Zoe Strauss is just pure!  She connects with those she partners with as she does her work.  What I love about Zoe is that she is just down to earth.   She is the kind of person you want to sit down and have a beer with.  When you hear her tell the stories about the people she connected with as she does her work you can feel the connection.  You can feel how she has fallen in love with people.  I want to love the people on Sweet Auburn the way Zoe loves the people of Philadelphia and Homestead. Thanks to the Society for Photographic Education for planning a great conference.  Where do you need to go?  Who do you need to hear?  Who can you connect with in your field that will help you hear and see in new ways?

Sunday, March 2, 2014

What We See is Called Urban Renewal: Do See Enough to Care?

Gentrification (or urban recycling) is a process of community change through which old, dilapidate housing is bought, refurbished, and then either inhabited by the owners or rented or sold for profit.  It is socially significant because it often displaces the original residents who tend to be lower-or-working-class and replaces them with middle-and-upper middle-class residents who can afford to pay higher price that the property now commands.  It is a particularly acute problem in large U.S. cities where there is a chronic shortage of affordable housing.[1]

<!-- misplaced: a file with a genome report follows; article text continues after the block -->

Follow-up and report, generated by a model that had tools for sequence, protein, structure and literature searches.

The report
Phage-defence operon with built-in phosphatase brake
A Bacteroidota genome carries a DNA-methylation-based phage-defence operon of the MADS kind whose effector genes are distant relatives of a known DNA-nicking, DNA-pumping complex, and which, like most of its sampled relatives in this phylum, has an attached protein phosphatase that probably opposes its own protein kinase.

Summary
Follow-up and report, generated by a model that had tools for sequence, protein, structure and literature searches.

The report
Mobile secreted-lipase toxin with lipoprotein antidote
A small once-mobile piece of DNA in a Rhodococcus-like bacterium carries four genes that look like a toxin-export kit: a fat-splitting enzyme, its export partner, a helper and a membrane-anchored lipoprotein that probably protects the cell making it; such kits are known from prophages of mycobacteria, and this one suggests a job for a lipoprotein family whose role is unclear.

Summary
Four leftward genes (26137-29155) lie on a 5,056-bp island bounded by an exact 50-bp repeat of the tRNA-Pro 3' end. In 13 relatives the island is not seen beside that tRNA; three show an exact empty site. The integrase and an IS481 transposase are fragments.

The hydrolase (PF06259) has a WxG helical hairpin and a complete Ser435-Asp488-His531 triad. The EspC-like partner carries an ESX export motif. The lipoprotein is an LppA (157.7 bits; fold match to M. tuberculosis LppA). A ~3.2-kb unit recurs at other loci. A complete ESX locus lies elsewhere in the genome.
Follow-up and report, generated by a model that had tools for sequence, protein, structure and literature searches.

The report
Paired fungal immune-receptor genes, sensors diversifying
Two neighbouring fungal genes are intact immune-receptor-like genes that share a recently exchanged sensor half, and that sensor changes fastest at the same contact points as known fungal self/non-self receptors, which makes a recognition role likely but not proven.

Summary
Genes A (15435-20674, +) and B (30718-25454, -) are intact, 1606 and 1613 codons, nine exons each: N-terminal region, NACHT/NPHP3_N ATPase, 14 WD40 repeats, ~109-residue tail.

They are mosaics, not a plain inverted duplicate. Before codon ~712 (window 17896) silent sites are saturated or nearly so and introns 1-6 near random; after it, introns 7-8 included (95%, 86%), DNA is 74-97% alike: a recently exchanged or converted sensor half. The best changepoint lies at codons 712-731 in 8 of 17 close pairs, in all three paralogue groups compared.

Urban renewal  Often called “Negro removal” by critics, it provides countless examples of the interconnection of racial change with local policy.  Urban renewal systematically destroyed many African American communities and businesses and, for most of its history, failed to safeguard the rights and well-being of those forcibly relocated from those homes and businesses.[2]

Another days journey on Auburn Avenue. It was Saturday morning, March 1, 2014, and I wanted to shoot at sunrise.  I got up around 5:00 a.m., got my stuff together and off I went.  I arrived well before sunrise. Parked my care at Hilliard and Auburn Avenue and took off down Sweet Auburn. I was surprised to see so much life on the street so early in the morning.  Workers were working.  The workers were removing parts of the cobble stone street to be replaced by the asphalt and black tar that was to become the new Auburn Avenue.